Beautiful Robinsons Homes Design Collection
Floor to roof glass dividers surge the inside with mon sunshine and an inside patio gives the house a sun splashed gleam while coaxing up the winding
When you mention Carlton Ware to people, one of the first things they think about is Guinness toucan, first introduced in the 1950’s or foot cups, commonly known as ‘walking goods’, which first appeared in the 1970s. However, there is much more to Carlton Ware and their colorful ceramics are much sought after and highly rechargeable. Carlton Ware began in 1890 when James Frederick Wiltshaw and his brother JA and WH Robinson formed the Wiltshaw and Robinson company in Stoke-on-Trent and named it Carlton Works. There is great competition in the earthenware industry but Carlton Ware started off a good start with ‘Blush ware’, a series of flower patterns applied to colored pottery.
It was very successful and soon proved a serious competition for Fieldings Crown Devon, who was the market leader at the time. The disaster struck when James Wiltshaw, now a sole proprietor, was killed by a 1918 train. His young son Frederick Cuthbert Wiltshaw took over and allowed researchers to explore and introduce new sparkling glazes and exotic patterns inspired by people whose orient, . He saw the work of a young artist, Violet Elmer, at a local exhibition in the mid-1920s and offered him a job. He accepted and proved inspirational, this brought great success to the company. It is easy to identify Carlton Ware because it is well marked and easy to obtain due to the chronological timeline of pattern and list of well-documented pattern numbers; It is not easy to identify designers.
Robinsons Homes Design Collection
In 1951 a fire at the factory destroyed most of the detailed history and it was gone forever. In 1921 Enoch Boulton, who first worked at the factory in 1908, became a senior design manager. The stylish and colorful design gave us many of Carlton Ware’s most popular lines where the two most prominent ones are ‘Chinaland’ and Tutankamun ware, which were introduced to celebrate Howard Carter’s discovery of the Tutan Kamun tomb. It’s much sought today and collectors will pay between £ 500 – £ 1,000 for a vase or bowl. The notes for the rare ‘Tomb’ jars were £ 6,000 sold at Christie’s in 2000. In the late 1920s Carlton Ware began experimenting with patterns such as ‘Paradise Bird and Tree’ and ‘Feathered Tail Bird’, this is a landscape with layers of decoration, rich plating and luxurious enamel applied on a sparkling base.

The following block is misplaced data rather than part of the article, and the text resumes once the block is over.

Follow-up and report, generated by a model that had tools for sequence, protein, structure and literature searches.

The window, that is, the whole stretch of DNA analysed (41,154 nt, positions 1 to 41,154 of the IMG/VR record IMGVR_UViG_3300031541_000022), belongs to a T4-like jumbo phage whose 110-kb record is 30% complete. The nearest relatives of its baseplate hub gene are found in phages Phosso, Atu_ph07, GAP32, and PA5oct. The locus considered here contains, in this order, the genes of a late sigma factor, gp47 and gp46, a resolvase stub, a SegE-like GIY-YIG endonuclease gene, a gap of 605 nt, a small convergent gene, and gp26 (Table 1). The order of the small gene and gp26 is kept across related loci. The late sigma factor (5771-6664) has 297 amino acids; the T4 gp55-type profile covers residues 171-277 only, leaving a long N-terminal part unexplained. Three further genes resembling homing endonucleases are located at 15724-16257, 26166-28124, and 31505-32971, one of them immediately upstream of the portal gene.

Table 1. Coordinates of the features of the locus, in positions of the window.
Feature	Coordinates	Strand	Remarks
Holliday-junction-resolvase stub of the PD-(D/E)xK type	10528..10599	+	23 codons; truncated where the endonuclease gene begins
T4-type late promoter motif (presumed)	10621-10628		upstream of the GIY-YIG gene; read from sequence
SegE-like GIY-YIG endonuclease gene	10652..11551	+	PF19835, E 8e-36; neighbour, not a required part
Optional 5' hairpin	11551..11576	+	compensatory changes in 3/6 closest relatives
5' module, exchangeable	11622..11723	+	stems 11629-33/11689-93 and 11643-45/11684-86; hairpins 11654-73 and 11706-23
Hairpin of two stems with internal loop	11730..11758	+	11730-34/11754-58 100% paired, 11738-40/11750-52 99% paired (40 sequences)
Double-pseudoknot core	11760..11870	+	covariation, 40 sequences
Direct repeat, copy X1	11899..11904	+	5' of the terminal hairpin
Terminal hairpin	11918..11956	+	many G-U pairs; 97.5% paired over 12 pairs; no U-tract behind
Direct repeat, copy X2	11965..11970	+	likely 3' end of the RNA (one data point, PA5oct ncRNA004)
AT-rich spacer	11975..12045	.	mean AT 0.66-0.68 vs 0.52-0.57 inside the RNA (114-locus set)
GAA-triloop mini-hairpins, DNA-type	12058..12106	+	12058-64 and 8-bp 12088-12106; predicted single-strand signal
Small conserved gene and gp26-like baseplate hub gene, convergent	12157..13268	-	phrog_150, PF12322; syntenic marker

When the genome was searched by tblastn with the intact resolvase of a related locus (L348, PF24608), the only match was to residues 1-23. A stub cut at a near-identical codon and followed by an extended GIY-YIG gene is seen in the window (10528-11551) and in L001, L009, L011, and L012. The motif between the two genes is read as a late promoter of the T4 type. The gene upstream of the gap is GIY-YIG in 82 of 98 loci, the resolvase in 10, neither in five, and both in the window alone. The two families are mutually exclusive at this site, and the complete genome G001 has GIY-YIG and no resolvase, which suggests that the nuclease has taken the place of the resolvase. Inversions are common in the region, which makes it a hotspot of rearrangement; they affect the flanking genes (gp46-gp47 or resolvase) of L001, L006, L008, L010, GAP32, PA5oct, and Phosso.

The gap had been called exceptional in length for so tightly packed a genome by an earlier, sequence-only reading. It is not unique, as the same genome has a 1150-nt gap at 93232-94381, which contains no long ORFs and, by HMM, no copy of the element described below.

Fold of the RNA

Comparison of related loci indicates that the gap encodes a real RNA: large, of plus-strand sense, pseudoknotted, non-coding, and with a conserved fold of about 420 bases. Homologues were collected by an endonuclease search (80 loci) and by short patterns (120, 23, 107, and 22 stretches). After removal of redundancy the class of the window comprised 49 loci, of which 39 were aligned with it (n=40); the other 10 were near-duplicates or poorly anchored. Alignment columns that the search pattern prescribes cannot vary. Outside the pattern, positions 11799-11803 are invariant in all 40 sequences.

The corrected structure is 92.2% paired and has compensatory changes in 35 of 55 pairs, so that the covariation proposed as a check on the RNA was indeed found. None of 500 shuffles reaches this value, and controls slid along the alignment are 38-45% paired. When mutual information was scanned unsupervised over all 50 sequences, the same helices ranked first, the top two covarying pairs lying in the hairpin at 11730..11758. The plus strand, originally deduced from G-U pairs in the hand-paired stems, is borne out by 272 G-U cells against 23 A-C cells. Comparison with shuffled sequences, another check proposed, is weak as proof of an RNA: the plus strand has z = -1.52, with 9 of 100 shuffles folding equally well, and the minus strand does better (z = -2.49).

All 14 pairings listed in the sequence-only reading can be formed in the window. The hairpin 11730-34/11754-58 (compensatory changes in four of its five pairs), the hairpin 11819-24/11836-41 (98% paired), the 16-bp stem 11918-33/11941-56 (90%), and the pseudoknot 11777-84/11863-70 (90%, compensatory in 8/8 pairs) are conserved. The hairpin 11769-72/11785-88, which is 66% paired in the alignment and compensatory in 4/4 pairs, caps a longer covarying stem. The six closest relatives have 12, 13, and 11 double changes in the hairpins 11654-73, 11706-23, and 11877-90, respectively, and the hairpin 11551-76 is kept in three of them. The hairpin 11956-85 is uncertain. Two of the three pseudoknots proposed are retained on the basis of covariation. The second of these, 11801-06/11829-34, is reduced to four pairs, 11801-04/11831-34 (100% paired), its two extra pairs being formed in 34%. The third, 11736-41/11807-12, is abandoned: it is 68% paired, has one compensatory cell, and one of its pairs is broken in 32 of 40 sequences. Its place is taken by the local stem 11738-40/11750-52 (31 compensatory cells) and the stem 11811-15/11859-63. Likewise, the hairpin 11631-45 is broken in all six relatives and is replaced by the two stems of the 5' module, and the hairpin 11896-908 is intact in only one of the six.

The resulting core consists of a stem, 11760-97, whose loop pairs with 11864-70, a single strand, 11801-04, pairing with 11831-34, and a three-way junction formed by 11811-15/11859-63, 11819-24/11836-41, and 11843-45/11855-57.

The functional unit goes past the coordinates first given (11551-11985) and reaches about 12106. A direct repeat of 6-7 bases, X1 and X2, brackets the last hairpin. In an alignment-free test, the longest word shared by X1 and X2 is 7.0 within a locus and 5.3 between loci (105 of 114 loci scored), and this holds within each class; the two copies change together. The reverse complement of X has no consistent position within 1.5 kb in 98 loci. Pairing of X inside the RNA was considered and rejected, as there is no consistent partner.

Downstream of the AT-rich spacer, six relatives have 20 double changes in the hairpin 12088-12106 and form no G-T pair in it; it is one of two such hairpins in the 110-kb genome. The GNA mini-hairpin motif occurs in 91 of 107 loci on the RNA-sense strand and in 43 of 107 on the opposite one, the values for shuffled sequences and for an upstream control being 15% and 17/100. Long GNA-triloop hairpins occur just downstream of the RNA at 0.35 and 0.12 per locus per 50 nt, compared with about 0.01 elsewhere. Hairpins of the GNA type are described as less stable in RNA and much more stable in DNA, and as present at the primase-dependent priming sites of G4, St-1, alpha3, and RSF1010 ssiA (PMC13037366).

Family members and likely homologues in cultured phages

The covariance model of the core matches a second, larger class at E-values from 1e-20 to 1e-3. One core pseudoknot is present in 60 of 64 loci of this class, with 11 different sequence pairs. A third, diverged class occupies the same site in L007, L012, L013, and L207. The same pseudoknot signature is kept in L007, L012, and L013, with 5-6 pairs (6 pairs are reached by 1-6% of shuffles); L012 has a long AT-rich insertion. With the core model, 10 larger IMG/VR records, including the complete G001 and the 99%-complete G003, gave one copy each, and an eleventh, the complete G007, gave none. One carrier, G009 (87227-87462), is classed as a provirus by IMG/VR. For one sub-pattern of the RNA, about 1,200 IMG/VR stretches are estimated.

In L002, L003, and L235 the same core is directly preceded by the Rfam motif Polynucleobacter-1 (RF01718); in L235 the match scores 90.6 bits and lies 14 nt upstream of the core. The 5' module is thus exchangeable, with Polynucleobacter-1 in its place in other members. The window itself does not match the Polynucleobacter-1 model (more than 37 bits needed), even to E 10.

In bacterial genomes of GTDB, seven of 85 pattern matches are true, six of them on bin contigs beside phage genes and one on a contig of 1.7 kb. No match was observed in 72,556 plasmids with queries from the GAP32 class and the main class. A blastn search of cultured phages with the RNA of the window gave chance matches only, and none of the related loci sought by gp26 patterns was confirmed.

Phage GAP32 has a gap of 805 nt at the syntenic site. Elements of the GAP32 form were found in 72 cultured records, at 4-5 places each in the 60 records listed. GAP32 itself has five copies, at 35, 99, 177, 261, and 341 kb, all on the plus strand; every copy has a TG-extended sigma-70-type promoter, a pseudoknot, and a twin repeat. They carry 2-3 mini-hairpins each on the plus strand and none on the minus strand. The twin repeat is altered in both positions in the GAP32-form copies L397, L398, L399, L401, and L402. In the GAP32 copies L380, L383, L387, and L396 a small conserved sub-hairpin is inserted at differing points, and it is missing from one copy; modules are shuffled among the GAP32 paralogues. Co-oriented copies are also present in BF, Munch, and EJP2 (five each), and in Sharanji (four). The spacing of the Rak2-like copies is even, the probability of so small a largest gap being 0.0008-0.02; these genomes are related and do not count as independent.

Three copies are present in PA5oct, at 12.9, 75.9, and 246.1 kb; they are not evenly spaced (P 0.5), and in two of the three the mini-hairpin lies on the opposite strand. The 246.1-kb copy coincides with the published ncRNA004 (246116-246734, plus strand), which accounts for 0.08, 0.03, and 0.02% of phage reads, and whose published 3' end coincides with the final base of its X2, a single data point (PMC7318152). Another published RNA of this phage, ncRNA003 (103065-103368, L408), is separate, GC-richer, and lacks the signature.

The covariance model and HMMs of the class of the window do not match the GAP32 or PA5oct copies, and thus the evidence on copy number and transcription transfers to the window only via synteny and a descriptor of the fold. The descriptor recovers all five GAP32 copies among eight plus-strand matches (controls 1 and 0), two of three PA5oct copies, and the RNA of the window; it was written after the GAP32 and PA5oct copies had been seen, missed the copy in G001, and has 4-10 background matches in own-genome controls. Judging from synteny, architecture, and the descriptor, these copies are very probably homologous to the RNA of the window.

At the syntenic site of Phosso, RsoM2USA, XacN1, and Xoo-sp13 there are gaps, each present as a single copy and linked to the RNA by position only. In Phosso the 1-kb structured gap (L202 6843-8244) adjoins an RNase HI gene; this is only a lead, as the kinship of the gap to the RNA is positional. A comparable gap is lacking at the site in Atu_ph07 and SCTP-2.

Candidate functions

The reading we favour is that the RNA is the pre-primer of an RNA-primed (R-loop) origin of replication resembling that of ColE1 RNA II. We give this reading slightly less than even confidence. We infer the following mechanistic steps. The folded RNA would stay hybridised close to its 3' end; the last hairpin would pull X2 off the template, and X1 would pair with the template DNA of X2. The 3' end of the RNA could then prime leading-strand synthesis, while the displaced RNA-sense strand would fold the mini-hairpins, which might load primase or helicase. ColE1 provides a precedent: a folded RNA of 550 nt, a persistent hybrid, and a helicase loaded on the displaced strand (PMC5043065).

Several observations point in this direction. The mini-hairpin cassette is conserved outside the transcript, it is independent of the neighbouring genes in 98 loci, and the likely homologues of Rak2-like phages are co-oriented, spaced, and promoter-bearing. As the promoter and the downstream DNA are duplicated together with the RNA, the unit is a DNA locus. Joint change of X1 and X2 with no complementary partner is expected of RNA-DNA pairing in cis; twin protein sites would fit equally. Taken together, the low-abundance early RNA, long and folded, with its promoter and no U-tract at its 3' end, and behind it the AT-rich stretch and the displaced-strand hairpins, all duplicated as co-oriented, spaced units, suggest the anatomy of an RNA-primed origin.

When Enoch Boulton left the company in 1930 Violet Elmer succeeded him. He introduced dramatic new designs and also helped develop the shapes they would display, such as tea cups, flower vases, plates, bowls and ginger jars. They often contain geometric shapes, abstract motifs, zigzags and blinks and can be seen on patterns such as ‘Scimitar’ and ‘Floral Comets’. One of the most valuable patterns of the time was ‘Mephistopheles’ and pushed Carlton Ware to the top. The elaborate designs are time-consuming and costly to produce that puts them into luxurious brackets and they are bought by today’s richest people to decorate their homes. When Violet Elmer left in the late 1930s to get married, her place was taken by Rene Pemberton who had been trained by Susie Cooper at Gray’s Pottery.
The pattern of ‘Spider’s Webb’, ‘Heron and Magical Tree’ and ‘Rabbits at Dusk’ is believed to be his. Currently Carlton Ware is not as popular as it is and prices peaked in the late 1990s and early 2000s when you had to pay between £ 2,000 – £ 5,000. Since prices are down a bit now it might be a good time to buy if you are interested in collecting Carlton Ware. You should be able to get a small bowl or vase for about £ 50, but top-end patterns like ‘Scimitar’ and ‘Mephistopheles’ will produce four numbers. While this is a lot of money, you are buying beautifully crafted items and may be a good investment.